New report shows PBS spending under control
A new report by Access Economics confirms spending on the Pharmaceutical Benefits Scheme will not spiral out of control, as the Howard Government’s two Intergenerational Reports predicted.
Medicines Australia chief executive Ian Chalmers said the report demonstrates very clearly that the PBS will be sustainable into the future and will not blow out Government healthcare budgets.
“This important study presents a powerful argument to the Rudd Government as to why the PBS should be quarantined from Budget cuts,” Mr Chalmers said.
“We now have compelling independent evidence that growth is being contained and we have a sustainable PBS.
“Access Economics projections are that PBS spending in 2042 will account for just 1.6 per cent of GDP. That is half the amount predicted by the first Intergenerational Report in 2002.
“Access Economics has shown that the PBS will be financially sustainable for at least the next 40 years.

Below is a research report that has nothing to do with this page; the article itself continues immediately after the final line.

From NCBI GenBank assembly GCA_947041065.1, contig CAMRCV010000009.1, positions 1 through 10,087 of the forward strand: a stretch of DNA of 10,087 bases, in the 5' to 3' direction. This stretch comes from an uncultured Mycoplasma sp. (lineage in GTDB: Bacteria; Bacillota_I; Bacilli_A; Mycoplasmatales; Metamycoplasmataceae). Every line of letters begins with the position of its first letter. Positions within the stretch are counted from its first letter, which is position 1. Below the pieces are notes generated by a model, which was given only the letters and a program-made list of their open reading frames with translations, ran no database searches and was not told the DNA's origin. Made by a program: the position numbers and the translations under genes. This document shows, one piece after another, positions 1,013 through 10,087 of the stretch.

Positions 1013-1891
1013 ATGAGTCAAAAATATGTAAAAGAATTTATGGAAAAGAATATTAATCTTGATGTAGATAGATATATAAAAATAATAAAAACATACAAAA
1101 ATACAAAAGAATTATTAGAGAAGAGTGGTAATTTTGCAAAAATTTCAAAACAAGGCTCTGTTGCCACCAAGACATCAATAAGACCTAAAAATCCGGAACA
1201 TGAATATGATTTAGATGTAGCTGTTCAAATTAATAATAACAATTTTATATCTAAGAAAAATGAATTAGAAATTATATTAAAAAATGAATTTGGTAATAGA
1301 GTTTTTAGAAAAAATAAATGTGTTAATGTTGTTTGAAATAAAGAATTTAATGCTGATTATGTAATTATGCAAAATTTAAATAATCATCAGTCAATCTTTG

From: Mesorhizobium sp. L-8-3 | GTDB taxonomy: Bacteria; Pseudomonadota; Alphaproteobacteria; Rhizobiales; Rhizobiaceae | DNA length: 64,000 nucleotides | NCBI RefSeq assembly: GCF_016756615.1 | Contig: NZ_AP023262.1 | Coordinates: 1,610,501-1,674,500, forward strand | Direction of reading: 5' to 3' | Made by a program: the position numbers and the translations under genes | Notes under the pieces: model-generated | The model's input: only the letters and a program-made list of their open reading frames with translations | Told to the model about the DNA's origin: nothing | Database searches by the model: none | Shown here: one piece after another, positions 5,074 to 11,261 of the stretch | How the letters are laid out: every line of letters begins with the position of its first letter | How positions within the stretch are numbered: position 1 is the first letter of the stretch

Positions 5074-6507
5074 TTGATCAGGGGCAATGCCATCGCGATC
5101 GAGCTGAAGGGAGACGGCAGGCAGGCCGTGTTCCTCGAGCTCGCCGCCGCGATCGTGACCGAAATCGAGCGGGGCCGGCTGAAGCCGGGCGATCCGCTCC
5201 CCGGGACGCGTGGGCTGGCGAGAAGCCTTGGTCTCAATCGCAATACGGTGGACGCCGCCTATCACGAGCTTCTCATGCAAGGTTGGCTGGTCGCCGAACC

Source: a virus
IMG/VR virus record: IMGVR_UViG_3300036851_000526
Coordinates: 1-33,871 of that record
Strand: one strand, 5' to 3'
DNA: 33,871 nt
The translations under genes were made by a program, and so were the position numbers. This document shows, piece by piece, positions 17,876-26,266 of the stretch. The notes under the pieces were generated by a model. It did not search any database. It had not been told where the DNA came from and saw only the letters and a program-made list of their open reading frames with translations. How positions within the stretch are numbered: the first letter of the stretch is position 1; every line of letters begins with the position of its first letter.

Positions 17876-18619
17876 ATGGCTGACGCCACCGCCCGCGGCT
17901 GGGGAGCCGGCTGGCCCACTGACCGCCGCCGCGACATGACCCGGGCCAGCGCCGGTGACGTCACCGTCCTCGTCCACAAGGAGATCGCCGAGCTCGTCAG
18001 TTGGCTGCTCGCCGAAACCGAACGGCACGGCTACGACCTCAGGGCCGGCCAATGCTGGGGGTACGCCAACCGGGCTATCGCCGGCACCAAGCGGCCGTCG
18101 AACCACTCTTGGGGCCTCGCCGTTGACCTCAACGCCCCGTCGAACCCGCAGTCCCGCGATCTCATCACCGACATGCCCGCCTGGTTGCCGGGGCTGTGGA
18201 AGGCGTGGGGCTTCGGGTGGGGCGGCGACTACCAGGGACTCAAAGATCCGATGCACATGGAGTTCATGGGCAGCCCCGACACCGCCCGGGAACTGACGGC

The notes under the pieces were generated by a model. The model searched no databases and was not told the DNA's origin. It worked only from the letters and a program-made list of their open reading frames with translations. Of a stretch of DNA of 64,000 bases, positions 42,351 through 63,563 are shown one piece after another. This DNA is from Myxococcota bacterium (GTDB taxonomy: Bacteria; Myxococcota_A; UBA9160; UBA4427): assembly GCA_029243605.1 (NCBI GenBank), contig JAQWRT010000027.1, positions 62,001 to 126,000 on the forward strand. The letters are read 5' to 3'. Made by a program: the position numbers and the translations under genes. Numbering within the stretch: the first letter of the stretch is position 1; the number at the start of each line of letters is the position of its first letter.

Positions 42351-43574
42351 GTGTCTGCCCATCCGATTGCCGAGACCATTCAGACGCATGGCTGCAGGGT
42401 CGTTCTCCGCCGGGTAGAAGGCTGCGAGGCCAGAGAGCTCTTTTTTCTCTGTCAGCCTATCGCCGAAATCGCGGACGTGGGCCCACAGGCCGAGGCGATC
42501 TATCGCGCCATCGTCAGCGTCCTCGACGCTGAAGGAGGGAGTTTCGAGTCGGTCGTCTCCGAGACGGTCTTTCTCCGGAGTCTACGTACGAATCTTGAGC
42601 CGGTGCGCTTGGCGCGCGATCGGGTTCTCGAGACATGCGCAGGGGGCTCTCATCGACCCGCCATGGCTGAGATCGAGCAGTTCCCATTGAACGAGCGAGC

“Reforms introduced to the PBS in 2007 are designed to ensure the scheme remains sustainable over the long term. The Access Economics report clearly shows those reforms are doing their job.
“Price cuts to PBS medicines are expected to deliver savings to Government of more than $650 million over the next three years, and $6 billion over 10 years.
“The heavy lifting by industry has well and truly begun. Government will bank those savings as long as there is a viable pharmaceutical industry in Australia.
“However, that viability would be undermined by any unexpected changes to what was a carefully planned and agreed reform program.
“The fact is, Australia’s prescription pharmaceuticals industry is already well ahead of the savings curve.”
The report was launched last night by Access Economics Director Chris Richardson.
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